FdSc: Animal Health and Welfare
Practical 1 - Determination of the ash content of foods
Foodstuffs are divided into five categories; crude protein – the total level of nitrogen in a feed, ether extract – the total fat content of a feed, nitrogen free extract – the soluble carbohydrate in a feed, crude fibre - cellulose, fibre with nitrogen attached & alkali insoluble lignin and total ash content – an indication of the mineral content of feeds.
The aim of this report is to try and find out the total ash content of Wainwrights Adult Complete Dog Food With Duck And Rice through a food ...view middle of the document...
2. Place the dish in a baking oven to dry out the sample over 24 hours.
3. Re-weigh the sample in the silica dish, this is now the weight of the sample.
4. Set up the Bunsen burner apparatus. Place the silica dish containing the sample on top of the apparatus and begin to heat the sample slowly. Do not set fire to the sample, this will result in a loss of material to the atmosphere in the form of particles. The sample should turn black.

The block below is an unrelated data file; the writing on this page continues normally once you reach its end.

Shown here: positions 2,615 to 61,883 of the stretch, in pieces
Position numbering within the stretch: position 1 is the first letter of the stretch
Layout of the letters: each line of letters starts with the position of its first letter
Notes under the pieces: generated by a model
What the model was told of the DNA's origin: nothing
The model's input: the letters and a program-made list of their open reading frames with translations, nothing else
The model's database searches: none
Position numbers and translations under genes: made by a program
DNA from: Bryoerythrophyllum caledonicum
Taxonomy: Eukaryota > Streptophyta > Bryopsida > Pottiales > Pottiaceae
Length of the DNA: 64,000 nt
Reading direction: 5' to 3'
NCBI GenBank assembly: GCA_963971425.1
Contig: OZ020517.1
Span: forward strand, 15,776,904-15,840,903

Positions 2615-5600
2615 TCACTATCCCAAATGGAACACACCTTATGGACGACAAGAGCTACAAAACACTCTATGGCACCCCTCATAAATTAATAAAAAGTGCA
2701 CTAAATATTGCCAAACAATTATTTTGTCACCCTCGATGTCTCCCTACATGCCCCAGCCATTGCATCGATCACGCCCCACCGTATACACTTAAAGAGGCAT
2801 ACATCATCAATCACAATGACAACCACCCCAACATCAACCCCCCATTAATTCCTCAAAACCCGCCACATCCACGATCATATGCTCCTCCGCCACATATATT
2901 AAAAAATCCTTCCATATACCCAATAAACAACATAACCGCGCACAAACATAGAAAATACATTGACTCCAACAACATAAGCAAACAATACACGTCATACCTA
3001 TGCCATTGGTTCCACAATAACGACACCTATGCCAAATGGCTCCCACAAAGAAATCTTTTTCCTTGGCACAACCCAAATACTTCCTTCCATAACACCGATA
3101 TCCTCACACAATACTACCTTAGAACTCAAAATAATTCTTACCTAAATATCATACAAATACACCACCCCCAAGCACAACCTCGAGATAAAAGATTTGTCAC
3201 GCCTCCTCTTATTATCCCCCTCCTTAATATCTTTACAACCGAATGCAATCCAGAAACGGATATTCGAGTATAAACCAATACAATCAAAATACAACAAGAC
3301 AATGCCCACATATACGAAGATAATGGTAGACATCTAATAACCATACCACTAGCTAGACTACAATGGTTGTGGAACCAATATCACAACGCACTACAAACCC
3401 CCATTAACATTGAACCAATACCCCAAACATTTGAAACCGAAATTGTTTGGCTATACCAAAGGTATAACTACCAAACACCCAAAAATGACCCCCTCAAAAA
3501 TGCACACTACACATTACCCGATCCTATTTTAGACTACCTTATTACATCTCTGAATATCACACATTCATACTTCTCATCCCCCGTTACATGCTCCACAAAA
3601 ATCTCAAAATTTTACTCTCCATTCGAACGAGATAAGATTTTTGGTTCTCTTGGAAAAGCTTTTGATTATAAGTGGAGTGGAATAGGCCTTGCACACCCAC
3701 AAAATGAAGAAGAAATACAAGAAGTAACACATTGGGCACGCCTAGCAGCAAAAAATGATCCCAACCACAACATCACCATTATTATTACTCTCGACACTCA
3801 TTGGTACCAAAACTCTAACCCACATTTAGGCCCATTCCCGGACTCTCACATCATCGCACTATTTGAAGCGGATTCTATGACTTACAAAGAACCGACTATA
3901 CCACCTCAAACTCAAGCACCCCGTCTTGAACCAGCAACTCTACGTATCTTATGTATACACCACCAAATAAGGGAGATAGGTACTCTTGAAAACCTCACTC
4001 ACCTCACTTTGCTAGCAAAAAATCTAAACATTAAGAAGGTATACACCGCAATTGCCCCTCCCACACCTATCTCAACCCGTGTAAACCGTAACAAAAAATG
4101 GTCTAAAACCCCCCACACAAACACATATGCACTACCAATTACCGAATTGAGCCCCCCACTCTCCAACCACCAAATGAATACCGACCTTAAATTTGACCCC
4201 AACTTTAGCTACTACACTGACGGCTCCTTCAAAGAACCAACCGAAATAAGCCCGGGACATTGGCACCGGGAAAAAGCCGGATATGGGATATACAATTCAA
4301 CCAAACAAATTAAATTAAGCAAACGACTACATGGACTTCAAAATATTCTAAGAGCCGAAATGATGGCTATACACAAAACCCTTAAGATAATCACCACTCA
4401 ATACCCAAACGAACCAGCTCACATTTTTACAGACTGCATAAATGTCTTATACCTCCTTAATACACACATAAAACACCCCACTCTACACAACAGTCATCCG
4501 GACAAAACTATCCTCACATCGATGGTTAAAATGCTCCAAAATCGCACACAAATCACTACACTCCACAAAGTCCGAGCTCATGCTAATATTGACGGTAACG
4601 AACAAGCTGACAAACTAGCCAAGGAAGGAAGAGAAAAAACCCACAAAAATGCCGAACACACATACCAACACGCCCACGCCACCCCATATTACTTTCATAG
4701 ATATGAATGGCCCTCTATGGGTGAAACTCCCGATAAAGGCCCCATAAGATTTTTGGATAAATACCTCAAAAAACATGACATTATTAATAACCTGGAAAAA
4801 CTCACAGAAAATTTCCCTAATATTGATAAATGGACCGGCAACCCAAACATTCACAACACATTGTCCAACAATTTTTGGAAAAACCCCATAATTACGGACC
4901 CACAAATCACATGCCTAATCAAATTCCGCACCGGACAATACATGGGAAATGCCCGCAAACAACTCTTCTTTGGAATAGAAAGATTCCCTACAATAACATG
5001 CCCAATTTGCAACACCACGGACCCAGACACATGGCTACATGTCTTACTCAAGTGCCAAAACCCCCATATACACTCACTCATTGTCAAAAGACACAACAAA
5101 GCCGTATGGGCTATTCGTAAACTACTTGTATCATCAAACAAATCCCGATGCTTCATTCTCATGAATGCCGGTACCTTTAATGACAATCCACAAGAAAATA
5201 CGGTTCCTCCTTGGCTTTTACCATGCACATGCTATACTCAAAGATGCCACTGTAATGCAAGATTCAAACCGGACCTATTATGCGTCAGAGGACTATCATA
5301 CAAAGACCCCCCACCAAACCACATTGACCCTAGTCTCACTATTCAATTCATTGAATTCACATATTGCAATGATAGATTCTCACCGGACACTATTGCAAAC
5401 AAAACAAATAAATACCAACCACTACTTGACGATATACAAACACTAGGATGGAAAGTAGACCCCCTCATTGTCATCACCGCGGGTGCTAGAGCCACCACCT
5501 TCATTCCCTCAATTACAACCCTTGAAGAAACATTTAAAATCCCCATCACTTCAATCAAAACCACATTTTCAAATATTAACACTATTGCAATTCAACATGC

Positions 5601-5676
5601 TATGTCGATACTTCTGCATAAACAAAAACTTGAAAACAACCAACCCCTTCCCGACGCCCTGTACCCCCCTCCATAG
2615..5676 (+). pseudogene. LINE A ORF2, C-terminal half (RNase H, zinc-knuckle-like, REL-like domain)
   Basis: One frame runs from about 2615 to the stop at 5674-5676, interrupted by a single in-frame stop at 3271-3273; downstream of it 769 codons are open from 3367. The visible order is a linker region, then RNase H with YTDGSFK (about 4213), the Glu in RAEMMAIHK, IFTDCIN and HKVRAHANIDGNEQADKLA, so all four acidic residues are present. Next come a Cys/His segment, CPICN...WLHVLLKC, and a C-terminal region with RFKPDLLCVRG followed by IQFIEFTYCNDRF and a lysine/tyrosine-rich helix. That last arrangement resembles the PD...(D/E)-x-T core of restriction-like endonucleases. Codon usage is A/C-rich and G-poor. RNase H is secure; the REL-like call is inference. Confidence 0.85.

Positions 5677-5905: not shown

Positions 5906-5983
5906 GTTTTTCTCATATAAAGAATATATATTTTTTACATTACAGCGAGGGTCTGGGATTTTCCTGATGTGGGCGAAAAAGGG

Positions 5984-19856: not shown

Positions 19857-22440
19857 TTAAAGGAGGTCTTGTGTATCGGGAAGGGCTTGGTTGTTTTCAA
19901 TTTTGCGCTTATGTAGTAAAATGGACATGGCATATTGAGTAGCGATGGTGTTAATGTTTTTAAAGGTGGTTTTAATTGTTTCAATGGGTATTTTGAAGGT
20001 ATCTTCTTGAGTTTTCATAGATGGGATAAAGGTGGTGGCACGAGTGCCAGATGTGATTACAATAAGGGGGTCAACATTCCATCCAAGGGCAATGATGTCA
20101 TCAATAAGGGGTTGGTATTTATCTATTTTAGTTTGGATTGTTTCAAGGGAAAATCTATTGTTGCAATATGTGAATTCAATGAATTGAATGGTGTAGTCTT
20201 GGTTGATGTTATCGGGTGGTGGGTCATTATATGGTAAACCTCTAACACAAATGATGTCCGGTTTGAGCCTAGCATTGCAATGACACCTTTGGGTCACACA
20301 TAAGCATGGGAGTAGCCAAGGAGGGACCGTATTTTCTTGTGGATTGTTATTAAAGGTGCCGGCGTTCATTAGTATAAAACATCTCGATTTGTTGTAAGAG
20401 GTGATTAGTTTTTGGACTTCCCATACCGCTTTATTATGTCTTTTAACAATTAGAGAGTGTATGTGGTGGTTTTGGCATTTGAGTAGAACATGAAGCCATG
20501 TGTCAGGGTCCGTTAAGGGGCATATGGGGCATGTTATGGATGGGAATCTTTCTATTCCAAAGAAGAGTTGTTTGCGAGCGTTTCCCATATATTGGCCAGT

5. Once the sample reaches around 100°C continue to heat until it turns white.
6. Allow the sample to cool to room temperature in a desiccator.
7. Weigh the finished sample.
To calculate the percentage of ash in the food sample, use the following equation:
% ash = (Weight of ash / Weight of dog food) x 100
To achieve the percentage of ash in the food sample, the equation was put into place.
In the experiment carried out, the weight of the ash was 0.547g and the weight of the dog food was 5.014g so:
(0.547 / 5.014) = 0.10909 x 100 = 10.909%
Weight of dog food sample | Weight of crucible | Weight of ash |
5.014g | 19.998 | 0.547g |
Wainwrights dog food packaging states that it contains 7% crude ash and the results found in this experiment found 10.909% crude ash, this could be due to a number of reasons such as: parts of the experiment being done incorrectly, the packaging stating the wrong percentage, the equipment used being incorrect, the sample not being burnt for long enough, the sample setting on fire and losing material to the atmosphere in the form of particles.
In this experiment, some parts of the method were done incorrectly, including: the sample was not measured to be 100°C and didn’t turn fully white, leaving room to believe there was still organic matter left in the crucible. More reasons for unexpected results could be that the sample set on fire multiple times burning off matter to the atmosphere, including parts of the...